I was also delighted to be invited to the 19th annual Fall for the Book festival in Northern Virginia. The four-day event, Oct. 11-14, takes place at George Mason University and other locations in Fairfax County. I am one of 150 authors taking part.

When the organizers of Fall for the Book contacted History Press, my publisher, about me taking part, they suggested that I read from my book. I asked if I could do what I usually do when I appear before audiences. Could I talk about lynching in Virginia, focusing on the Fauquier incident that is the subject of my book? They replied that my idea of “doing a presentation is great and will fascinate audiences.”

I’ve also been invited to talk to two of the Lifelong Learning Institutes for seniors. One is in Manassas, and the other is in Fairfax. And I’ll be speaking to groups in Marshall, Stafford County and Leesburg. The schedule as of today is below. Please join me.

  1. Saturday, Sept. 9, 7 p.m., Philip Carter Winery of Virginia, 4366 Stillhouse Road, Hume, Va.
  2. Wednesday, Oct. 4, 10:30 a.m., Lifelong Learning Institute-Manassas, Hylton Performing Arts Center, 10960 George Mason Circle, Manassas, Va.
  3. Thursday, Oct. 12, 7 p.m., Fall for the Book, Kings Park Library, 9000 Burke Lake Rd., Burke, Va.
  4. Saturday, Nov. 11, 1:30 p.m., Central Rappahannock Regional Library, England Run Branch, 806 Lyons Blvd., Fredericksburg, Va.
  5. Wednesday, Jan. 24, 2018, 11:50 a.m., Osher Lifelong Learning Institute at George Mason University, 4210 Roberts Road, Fairfax, Va.
  6. Sunday, Feb 11, 2018, Mosby Heritage Area Association, Marshall, Va. (Time and place to be determined)
  7. Sunday, Feb 25, 2018, 2 p.m., Thomas Balch Library, 208 W. Market St., Leesburg, Va.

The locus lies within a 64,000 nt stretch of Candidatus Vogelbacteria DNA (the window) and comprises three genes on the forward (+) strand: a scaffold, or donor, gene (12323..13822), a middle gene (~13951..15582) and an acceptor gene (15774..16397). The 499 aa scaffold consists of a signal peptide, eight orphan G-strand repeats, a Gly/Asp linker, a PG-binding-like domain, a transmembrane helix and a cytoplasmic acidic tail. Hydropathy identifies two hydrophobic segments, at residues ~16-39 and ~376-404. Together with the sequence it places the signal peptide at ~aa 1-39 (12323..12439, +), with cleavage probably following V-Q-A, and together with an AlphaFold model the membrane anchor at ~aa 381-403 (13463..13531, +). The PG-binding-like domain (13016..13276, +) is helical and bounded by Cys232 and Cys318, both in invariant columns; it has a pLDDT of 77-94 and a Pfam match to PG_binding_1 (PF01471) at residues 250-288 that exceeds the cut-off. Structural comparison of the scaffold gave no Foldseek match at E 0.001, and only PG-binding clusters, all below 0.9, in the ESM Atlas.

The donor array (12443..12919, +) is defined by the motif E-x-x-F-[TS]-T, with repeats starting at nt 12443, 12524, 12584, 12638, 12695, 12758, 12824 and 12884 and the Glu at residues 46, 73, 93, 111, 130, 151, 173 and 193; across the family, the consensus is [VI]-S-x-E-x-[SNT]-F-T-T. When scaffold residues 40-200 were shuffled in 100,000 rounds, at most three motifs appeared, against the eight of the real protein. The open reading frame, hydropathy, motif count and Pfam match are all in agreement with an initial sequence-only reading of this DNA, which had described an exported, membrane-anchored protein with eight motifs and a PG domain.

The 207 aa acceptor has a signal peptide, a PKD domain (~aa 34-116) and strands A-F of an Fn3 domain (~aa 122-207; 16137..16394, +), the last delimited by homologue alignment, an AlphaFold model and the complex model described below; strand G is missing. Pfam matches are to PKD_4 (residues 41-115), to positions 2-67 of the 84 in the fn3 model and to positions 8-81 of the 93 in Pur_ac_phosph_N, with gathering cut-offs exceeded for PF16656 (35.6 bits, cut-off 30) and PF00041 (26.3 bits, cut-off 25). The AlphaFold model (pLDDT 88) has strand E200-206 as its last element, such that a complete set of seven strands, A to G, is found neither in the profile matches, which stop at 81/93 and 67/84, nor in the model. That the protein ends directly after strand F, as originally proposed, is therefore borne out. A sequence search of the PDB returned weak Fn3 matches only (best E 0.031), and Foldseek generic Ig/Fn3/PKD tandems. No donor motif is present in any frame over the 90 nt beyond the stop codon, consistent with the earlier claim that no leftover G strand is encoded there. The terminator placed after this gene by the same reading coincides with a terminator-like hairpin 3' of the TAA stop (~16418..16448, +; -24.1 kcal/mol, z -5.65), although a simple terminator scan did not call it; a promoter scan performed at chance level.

Two reviewers take the measure of my work

The Fauquier County Courthouse in Warrenton.

Two reviews of this book appeared recently, and both authors made similar observations: that The Last Lynching in Northern Virginia is instructive for its recounting of a long-ago lynching, but also for how it describes the lingering effects of that incident. As Mark Tooley wrote, the book is a “window into a time that seems like a different universe but is closer than we care to realize.”

Tooley is president of the Institute on Religion and Democracy, an advocacy group based in Washington, and the author of three books. He wrote about The Last Lynching for his blog on the institute’s website. Tooley describes how he had lunch in Warrenton, then visited the Old Jail Museum, where he bought the book.

Dan Enos is a volunteer in the Virginiana Room at the Central Rappahannock Regional Library in Fredericksburg. His review appeared on the library’s website just prior to my appearance there in April.

I was delighted that both writers liked the book, but I was also impressed with how much time they spent digesting the story and how accurately they described it.

And both also noted the same thing that has motivated me: that Shedrick Thompson was murdered in Fauquier County almost 85 years ago, but that his death is still falsely cast, and for that reason, doubly disturbing.

Fredericksburg, where I live, was the scene of several important Civil War battles, and at The Free Lance-Star newspaper, where I worked, we joked that this may be the only town in America where the Civil War is still breaking news. And so with Thompson’s death: it is still breaking news.

As Enos put it, “The narrative is a portrait of both a dark chapter in local history and of subsequent generations’ struggles to come to terms with the legacy of racism and the evil acts it incited.”

The sun is shining for me, despite the day-long rain

Margaret Sullivan of The Washington Post wrote about my book in today’s paper.

I am grateful to Margaret Sullivan and The Washington Post for the story about me in today’s paper. Sullivan is the media columnist, and her work usually appears in the Style section. When she called, she said my experience with The Last Lynching in Northern Virginia was not the type she usually writes about–her most recent columns were about Bill O’Reilly and Facebook–but she thought it was interesting, and her editors agreed.